Just like the French and British, Germans also have their own tradition in chess pieces. We have already touched the German tradition on our website, but here is an article in detail on the German tradition of chess pieces. The Germans did not only make their chess pieces out of stone, wood, ivory, but they also used porcelain to make quality chess pieces. The German tradition is so versatile and diverse, that you will find totally different types of chess pieces, masterfully crafted by the German artisans.
If you are looking for wooden chessboard, you would like to have a quality set of antique German chess pieces with it. For example, a German Figurine Porcelain set included considerably big chess pieces, colored so beautifully in white and blue. The German artisans used to employ their aesthetic sense and creativity to make such chess pieces, which caught the eyeballs of all chess lovers. The King used to be a little bit taller than the queen, and definitely the biggest piece in respect of size and girth. The rooks mostly looked like the towers of a castle, and bishops were totally different from the traditional European style.
Just like their European counterparts, Germans also loved to play with ivory chess pieces; ivory pieces were not only found on chessboards , but the Germans also loved them on their chessboards. However, unlike most of the European artisans, the Germans artisans colored the other side black, while one side was always natural white. The classic German ivory chess pieces from the late 18th century are sold at very expensive rates. The beauty of these chess pieces lies in their delicacy and intricate carving. While all of the pieces were carved very slim and smart, the size was most of the times the only difference between a king and the queen.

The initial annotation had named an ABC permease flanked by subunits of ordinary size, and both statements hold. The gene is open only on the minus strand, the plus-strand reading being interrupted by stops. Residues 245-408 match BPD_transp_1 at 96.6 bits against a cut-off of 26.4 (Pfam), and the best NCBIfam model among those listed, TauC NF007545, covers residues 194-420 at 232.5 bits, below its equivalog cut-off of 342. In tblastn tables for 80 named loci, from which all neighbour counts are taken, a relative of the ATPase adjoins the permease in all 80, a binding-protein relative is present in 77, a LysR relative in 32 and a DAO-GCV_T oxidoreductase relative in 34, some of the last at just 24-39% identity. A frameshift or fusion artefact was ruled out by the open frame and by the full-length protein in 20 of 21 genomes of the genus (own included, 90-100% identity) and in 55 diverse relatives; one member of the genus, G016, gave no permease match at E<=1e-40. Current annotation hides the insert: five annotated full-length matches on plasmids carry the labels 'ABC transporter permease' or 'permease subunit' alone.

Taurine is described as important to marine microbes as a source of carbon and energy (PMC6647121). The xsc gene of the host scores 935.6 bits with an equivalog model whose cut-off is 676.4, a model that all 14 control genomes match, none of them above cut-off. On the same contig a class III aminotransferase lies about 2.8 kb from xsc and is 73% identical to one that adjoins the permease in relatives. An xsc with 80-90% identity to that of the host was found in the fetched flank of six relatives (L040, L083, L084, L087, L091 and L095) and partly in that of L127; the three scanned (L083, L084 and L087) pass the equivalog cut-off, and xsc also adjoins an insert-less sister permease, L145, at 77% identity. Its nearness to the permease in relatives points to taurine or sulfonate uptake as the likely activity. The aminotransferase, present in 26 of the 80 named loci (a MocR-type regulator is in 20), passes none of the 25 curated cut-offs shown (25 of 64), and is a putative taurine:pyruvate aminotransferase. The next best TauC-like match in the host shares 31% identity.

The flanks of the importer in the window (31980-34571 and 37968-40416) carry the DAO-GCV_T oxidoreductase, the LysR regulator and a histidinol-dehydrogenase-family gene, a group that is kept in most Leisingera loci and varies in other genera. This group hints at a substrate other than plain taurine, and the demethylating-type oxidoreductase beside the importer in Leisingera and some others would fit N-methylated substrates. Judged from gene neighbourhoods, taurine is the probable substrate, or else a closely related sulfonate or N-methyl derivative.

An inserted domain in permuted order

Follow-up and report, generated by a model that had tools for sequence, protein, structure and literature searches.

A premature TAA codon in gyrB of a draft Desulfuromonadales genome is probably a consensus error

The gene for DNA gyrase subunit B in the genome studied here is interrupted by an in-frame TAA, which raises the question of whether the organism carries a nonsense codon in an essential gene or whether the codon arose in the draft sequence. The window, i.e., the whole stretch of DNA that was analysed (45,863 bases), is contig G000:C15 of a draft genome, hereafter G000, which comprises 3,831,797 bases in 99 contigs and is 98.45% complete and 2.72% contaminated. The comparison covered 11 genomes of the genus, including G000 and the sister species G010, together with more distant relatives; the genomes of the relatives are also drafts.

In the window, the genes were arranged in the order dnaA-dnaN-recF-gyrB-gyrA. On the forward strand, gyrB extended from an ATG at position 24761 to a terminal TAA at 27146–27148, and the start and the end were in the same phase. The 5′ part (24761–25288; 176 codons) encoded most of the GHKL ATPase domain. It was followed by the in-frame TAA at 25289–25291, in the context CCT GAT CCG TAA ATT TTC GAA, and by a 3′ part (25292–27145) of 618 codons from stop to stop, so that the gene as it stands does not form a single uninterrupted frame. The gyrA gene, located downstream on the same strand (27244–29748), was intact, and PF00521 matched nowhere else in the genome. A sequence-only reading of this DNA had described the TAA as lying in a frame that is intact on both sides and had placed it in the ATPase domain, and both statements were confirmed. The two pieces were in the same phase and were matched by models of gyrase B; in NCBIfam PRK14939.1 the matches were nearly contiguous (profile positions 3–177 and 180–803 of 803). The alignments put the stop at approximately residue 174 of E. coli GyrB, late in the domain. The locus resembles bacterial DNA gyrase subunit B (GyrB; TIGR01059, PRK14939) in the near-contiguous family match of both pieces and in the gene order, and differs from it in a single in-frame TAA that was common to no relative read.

Just like ivory and porcelain, the German artisans did wonders in the wooden chess pieces as well. The German wooden chess pieces were mostly made out of quality wood like lime wood. The German wooden chess pieces were considerably bigger than those of their European counterparts. An early 20th century set shows that the King was the biggest pieces and then the queen; both were perfectly identifiable as the King and Queen. While the knights were only made of the horses’ heads.
However, Germans mastered their craft of chess pieces to impress the people looking for wooden chessboard, and they made chess pieces out of all types of materials. Germans used metals like bronze and silver to make majestic chess pieces. Such chess pieces were very famous around early 20th century, and the chess pieces were bigger, stronger and solider than other pieces. While one side was Prussians, the other side was Cossacks. These pieces included complete forms, which means that the knights were not only horses’ heads, but complete knights as though ready to charge against the enemy.